Fractals This work has been published in the Teen Ink monthly print magazine.


   Throughouthistory, mathematical discoveries have revolutionized not only the way we viewour world but the way we operate within it. Accurate knowledge of geometryenabled the ancient Egyptians to build magnificent pyramids which remain ademonstration of human ingenuity and creativity. The development of trigonometryenabled previously immeasurable distances to be calculated, and applicationsquickly arose in the fields of navigation, astronomy, physics, surveying,chemistry and engineering.

One newly discovered field of mathematics, thegeometry of fractals, has yet to be applied as rigorously to our everyday lives.Could this mysterious branch of mathematics lead to something more than justpretty pictures? Could fractals lead to further innovations that would change howwe live and how we view our surroundings? Or could they provide the key tounlocking the greatest enigma of all - the ultimate structure and origins of ouruniverse?

The term fractal was coined by Benoit Mandelbrot in order todescribe irregular, intricate patterns and shapes that intrigued and astonishedhim. Such configurations could not be described by any previously availablemathematical concepts. Objects found in our natural surroundings, such as clouds,trees, even continental coastlines, fit this classification of irregularity. Thedevelopment of computer imaging revolutionized our understanding of fractals andmade possible the creation of these magnificent shapes in all their splendor.Computers literally translate mathematical formulae into stunning, visualrepresentations of sinuous designs and vibrant colors.

The definition of afractal demands that the shape must have detail at every level of magnification;in other words, one can "zoom in" on the fractal endlessly without anydetail being lost. Theoretically, however, it does not appear that our universeexhibits such a quality.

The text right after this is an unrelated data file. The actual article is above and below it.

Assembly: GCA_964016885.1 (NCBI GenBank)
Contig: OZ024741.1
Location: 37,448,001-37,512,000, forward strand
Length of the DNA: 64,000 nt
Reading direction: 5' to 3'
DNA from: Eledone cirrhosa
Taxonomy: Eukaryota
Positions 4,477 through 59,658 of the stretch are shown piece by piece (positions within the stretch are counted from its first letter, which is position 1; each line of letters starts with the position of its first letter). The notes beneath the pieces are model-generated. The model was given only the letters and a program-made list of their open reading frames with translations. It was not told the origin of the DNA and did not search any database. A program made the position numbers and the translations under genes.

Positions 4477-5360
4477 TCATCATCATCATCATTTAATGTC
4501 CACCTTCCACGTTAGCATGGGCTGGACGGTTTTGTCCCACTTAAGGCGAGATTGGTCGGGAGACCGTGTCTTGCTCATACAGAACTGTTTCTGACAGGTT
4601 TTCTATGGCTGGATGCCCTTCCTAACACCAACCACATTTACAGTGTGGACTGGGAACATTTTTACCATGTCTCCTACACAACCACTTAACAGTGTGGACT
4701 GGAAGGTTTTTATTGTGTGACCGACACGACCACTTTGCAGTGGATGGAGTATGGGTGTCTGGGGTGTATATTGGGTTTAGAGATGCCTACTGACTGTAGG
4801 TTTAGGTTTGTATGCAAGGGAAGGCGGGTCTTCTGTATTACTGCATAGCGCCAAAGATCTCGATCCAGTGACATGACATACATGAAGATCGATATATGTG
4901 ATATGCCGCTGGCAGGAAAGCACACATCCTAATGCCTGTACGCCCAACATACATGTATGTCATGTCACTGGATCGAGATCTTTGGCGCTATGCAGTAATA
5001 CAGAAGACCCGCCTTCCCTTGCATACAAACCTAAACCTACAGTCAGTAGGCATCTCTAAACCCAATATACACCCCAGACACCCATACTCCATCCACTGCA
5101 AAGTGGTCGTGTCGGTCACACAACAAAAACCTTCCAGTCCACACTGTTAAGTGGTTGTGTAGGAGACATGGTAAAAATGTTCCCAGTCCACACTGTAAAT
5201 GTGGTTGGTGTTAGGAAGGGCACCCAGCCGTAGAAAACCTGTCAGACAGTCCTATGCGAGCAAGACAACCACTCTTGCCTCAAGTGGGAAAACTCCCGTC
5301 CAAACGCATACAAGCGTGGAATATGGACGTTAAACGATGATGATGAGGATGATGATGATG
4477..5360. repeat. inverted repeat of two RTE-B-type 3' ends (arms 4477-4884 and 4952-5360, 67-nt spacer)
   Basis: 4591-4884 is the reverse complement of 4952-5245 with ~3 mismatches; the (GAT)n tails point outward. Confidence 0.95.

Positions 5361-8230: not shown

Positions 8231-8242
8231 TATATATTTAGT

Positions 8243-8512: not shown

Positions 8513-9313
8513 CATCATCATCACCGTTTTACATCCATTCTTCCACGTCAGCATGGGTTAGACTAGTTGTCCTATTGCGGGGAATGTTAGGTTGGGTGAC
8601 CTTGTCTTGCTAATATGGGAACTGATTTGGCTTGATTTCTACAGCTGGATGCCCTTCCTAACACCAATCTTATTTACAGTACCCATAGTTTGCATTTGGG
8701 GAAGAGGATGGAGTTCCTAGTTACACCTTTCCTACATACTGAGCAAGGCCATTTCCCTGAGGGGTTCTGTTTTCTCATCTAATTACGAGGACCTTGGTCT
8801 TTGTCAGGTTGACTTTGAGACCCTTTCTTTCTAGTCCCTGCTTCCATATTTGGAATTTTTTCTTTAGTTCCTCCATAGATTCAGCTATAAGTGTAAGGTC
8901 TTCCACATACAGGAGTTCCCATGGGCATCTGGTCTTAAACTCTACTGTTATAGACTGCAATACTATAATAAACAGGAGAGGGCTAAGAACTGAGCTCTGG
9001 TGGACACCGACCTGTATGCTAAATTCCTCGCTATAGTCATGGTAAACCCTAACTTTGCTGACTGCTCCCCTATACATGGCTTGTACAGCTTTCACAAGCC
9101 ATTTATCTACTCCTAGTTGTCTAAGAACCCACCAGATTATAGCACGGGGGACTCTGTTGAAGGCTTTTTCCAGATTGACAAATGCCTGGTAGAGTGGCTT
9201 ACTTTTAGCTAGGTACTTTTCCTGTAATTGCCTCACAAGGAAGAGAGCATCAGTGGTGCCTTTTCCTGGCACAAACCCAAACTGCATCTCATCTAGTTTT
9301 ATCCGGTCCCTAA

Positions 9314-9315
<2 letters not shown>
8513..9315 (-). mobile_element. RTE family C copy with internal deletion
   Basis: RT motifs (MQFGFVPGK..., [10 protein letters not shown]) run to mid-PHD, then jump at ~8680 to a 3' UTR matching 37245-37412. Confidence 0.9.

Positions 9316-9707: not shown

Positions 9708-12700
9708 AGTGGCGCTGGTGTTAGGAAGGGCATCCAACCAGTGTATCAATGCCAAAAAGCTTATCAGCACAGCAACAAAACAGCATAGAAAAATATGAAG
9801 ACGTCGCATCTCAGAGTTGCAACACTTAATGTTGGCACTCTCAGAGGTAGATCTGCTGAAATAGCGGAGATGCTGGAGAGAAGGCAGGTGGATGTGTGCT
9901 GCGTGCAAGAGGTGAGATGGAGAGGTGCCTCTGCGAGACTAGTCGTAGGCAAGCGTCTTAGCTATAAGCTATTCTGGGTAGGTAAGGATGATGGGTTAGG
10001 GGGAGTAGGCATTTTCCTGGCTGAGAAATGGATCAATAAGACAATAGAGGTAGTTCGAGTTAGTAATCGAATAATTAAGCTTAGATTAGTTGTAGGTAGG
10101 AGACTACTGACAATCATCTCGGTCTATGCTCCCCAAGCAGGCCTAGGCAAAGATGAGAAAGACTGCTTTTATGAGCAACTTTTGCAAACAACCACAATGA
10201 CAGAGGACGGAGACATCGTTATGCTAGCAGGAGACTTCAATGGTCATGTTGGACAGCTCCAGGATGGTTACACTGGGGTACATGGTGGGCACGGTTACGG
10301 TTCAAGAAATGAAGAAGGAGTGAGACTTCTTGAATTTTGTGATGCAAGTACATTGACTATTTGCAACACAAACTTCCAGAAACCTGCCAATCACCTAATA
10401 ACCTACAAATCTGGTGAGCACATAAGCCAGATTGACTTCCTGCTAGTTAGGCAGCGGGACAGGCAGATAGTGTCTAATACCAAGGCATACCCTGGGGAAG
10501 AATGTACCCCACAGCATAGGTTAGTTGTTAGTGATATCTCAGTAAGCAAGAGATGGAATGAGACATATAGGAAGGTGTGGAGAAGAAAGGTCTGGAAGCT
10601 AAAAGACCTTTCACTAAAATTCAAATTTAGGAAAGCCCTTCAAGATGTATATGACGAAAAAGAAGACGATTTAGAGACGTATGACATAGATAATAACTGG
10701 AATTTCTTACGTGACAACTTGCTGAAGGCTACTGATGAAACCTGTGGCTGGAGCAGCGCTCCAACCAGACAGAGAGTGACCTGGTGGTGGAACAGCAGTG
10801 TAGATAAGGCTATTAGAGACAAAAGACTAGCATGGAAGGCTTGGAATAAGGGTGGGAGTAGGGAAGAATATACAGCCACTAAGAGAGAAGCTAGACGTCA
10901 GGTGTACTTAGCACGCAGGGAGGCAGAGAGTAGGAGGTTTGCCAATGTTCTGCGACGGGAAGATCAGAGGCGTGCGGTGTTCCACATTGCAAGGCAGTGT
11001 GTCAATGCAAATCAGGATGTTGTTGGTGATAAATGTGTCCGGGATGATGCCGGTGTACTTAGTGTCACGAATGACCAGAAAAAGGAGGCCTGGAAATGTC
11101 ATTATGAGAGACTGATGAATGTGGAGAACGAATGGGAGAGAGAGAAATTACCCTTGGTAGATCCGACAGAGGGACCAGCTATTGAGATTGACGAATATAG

Yet the universe does exhibit a propertycommon to many fractals, a self-similarity between different levels ofmagnification. This is evident, for instance, in many varieties of ferns, whereindividual leaves have the same shape as the greater structure. Even the orbitsof planets around stars are similar to the rotations of electrons around thenuclei of the atoms which comprise them.

Fractal technology has alreadybeen put to use in the field of computer image compression, discovered in 1987 byDr. Michael F. Barnsley. Here, the computer calculates a fractal formula from agiven image, allowing multimedia to be "packed" into smaller filescontaining fewer details of the image itself and more of its fractal equivalent.

What if this technology could be used to describe the entire universeas a fractal? In that case, predictions could be made not only about the natureof massive galaxies and infinitesimal quarks, but also regarding the state of theuniverse around the time of the Big Bang and its condition in the future. Infact, many renowned physicists (Albert Einstein and Stephen Hawking) have statedthat they believe a single, unified theory exists that could describe the entirestructures of space and time. Is this related to the fact that a single formuladescribes a plethora of magnificent images in the Mandelbrot and other fractalsets?

We have not yet identified the link between the abstract, chaoticworld of fractals and the concrete truths which saturate our reality. Yet iffractals truly are the "blueprints of the universe," these chaoticshapes could truly be the link to a complete knowledge of universal order andharmony.




This work has been published in the Teen Ink monthly print magazine. This piece has been published in Teen Ink’s monthly print magazine.






Post a Comment

Be the first to comment on this article!

bRealTime banner ad on the left side
Site Feedback